- Describe the contributions made by the pioneers of Microbiology
- Explain the value of knowing how to identify the different microorganisms
- Identify or enumerate the different microorganisms, from the three domains down to its classes or phyla
- Differentiate prokaryotic cells versus eukaryotic cells
- Explain the reason behind the taxonomic change from a dichotomous classification to the birth of the “three domains.”
- Differentiate the three domains in terms of cell morphology
- Relate the known pathogenic microbes to present diseases
- Identify the structure of a virus and relate this to its virulence
- Define and differentiate the different antibiotics in the market, e.g., anti-bacterial, antiviral, or antifungal antibiotics.
SCOPE AND LIMITATIONS OF THE COURSE
Microbiology is a vast scientific study and discipline. To choose which topics should be included in this course was indeed a challenge. This material is intended for novice learners or unfamiliar readers looking to gain fundamental knowledge about the field of microbiology. This course will be limited to presenting only the types of microorganisms that are of value to human health while observing the current prevailing classification or taxonomy. Those that are not relevant to human health but are vital in the phylogenetic tree will still be tackled briefly.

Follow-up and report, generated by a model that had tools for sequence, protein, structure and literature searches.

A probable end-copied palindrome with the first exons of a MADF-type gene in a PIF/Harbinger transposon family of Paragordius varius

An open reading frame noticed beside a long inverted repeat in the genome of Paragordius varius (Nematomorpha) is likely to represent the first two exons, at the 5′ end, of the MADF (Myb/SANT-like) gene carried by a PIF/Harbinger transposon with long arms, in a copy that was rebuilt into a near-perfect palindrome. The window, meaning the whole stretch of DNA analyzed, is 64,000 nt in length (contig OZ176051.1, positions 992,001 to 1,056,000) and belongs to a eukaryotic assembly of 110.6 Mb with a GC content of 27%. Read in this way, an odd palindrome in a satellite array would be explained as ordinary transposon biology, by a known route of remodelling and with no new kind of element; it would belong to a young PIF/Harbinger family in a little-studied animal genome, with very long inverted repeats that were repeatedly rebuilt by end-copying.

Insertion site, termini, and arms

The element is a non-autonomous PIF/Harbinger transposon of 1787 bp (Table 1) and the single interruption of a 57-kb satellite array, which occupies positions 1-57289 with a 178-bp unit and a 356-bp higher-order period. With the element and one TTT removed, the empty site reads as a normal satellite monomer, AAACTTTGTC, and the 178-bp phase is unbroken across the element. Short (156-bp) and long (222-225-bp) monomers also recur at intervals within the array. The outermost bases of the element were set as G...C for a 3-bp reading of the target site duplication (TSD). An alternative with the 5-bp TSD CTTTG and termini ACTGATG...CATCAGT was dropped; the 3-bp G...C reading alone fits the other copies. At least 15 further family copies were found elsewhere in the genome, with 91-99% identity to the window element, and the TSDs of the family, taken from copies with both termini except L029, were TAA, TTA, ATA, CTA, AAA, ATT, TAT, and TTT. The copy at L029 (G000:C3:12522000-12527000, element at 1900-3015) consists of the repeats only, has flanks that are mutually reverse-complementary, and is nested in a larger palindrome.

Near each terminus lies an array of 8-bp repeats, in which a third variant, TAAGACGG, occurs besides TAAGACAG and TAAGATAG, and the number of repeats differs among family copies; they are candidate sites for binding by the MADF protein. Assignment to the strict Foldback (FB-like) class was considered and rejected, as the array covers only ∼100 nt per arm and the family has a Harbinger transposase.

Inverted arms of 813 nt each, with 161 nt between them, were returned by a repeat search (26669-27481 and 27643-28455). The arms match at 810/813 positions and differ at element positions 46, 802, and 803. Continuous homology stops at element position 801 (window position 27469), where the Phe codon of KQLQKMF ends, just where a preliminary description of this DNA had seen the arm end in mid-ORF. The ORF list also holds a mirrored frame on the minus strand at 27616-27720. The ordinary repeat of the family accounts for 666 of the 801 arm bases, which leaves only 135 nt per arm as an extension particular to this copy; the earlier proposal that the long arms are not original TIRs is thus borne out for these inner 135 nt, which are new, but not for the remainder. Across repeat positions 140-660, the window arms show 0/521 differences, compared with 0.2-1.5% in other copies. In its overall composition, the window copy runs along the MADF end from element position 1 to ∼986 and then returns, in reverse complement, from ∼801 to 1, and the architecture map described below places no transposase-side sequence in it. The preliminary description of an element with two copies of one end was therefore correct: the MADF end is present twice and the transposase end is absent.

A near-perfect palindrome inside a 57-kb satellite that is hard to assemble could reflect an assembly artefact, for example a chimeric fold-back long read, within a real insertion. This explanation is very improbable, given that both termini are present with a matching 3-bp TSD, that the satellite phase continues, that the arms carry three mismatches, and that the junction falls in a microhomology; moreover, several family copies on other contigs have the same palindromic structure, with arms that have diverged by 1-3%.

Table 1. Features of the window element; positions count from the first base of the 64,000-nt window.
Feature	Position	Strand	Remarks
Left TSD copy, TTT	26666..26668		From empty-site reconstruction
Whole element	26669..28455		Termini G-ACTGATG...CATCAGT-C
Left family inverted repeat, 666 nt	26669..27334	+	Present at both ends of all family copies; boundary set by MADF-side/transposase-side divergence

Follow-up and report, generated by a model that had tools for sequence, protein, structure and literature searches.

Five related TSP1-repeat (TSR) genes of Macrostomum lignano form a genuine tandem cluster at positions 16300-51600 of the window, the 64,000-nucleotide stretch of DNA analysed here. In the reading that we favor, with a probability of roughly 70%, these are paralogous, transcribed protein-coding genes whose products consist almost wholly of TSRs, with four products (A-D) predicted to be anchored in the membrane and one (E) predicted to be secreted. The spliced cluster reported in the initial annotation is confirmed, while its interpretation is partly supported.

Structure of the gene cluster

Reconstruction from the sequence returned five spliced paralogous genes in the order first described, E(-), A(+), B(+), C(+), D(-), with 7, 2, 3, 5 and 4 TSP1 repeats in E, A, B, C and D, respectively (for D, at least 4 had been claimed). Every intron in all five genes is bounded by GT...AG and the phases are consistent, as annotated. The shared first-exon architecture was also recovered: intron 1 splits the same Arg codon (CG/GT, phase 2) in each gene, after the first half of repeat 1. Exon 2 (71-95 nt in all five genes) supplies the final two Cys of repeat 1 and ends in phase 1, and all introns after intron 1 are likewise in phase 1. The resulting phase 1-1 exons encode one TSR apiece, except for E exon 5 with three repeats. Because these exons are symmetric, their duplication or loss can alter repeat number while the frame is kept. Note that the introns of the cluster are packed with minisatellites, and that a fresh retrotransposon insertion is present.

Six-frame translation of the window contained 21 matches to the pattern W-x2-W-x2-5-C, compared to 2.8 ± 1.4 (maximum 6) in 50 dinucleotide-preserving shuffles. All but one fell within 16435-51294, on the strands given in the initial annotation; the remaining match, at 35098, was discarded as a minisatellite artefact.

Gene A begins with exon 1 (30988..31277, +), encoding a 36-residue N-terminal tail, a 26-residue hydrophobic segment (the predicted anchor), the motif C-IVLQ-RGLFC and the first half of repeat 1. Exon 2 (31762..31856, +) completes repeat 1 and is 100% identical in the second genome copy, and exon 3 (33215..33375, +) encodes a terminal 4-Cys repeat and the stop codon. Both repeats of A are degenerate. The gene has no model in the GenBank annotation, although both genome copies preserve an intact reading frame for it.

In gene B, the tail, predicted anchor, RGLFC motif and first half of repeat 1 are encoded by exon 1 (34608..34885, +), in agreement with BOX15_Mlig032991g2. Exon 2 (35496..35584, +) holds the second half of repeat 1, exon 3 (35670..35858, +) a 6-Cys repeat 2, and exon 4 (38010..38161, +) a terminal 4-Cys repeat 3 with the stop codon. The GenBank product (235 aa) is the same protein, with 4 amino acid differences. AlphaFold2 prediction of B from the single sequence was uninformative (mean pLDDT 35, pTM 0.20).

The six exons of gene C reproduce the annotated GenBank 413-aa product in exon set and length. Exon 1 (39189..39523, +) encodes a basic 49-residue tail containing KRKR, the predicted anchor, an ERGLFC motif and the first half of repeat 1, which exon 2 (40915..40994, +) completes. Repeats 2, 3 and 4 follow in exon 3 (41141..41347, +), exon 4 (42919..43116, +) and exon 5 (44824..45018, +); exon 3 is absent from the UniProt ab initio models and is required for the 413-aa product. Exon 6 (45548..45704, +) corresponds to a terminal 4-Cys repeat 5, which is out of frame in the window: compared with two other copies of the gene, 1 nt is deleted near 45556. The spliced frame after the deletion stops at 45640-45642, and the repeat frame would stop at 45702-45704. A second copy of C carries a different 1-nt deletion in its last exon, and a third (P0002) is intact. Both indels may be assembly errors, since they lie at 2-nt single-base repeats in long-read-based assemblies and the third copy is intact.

The “Checkpoint” questions after each sub-section test your understanding of the preceding topic. Questions prefaced by “Further Reading” pertain to thinking points and resources that can be found in the reading list (references) on the last page. This is a prompt for you to drill down on the topics using the full list of references used for this course that can be found at the end of this material.
Brief History of Microbiology
The Spontaneous Generation Hypothesis
In the olden days, diseases were attributed to superstitions (a punishment from deities), imbalances, and malodor. Life was known to grow or generate from any non-living entity, like soil, that is moist enough to induce the “spontaneous generation” of animals, thus spawning the hypothesis of the same name.